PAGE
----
Stock volatility could be the norm for 2015



This week’s wild ride on the stock markets brought this word of advice from analysts: Get used to it.

Friday’s 170-point slide in the Dow Jones industrial average seemed almost moderate compared with other triple-digit gains and losses this week, but together, the seesaw closes contribute to a sense that financial markets are getting increasingly skittish — even as the economy improves.

The volatility goes hand in hand with lower interest rates, said Bob Johnson, director of economic analysis for Morningstar Inc., the Chicago mutual fund research firm.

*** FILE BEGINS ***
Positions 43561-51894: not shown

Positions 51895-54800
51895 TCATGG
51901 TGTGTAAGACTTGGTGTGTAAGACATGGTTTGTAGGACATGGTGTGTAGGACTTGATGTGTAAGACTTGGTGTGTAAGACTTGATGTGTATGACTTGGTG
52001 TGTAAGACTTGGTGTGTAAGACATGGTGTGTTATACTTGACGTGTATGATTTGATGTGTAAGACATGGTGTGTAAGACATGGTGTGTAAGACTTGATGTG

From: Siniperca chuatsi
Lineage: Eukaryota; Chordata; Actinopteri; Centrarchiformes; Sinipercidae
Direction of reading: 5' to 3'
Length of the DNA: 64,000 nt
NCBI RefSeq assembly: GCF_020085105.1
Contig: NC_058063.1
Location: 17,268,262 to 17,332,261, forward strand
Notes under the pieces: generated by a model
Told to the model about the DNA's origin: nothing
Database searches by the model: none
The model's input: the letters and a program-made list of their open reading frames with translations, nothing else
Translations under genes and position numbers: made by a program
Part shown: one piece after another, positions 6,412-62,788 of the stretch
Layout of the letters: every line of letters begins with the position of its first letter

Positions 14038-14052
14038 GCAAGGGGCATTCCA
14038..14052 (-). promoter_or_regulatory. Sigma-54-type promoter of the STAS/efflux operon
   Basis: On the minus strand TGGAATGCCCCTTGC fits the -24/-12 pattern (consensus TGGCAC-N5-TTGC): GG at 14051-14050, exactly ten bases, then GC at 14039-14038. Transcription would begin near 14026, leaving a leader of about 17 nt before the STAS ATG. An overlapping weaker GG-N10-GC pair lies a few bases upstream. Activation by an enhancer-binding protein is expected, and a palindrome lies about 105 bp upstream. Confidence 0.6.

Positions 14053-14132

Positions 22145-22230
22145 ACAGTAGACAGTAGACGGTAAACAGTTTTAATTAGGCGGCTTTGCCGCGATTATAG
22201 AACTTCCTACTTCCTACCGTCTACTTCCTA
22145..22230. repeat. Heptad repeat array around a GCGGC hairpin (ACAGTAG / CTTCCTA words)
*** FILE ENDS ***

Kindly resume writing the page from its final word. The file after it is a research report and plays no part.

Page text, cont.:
Investors searching for alternatives to the historically low returns offered by risk-free U.S. Treasury bills, he said, are forced into riskier investments such as stocks, making them, in turn, more volatile.

“One of the consequences of having these low rates is that it forces people to take risks, and periodically, they tend to panic,” he said.

The Dow fell 170.50 on Friday, or nearly 1%, to 17,737.37, while the broader Standard & Poor’s 500 index fell 17.33, or 0.9%, to 2044.81, a downdraft taking both indexes into negative territory for the new year.

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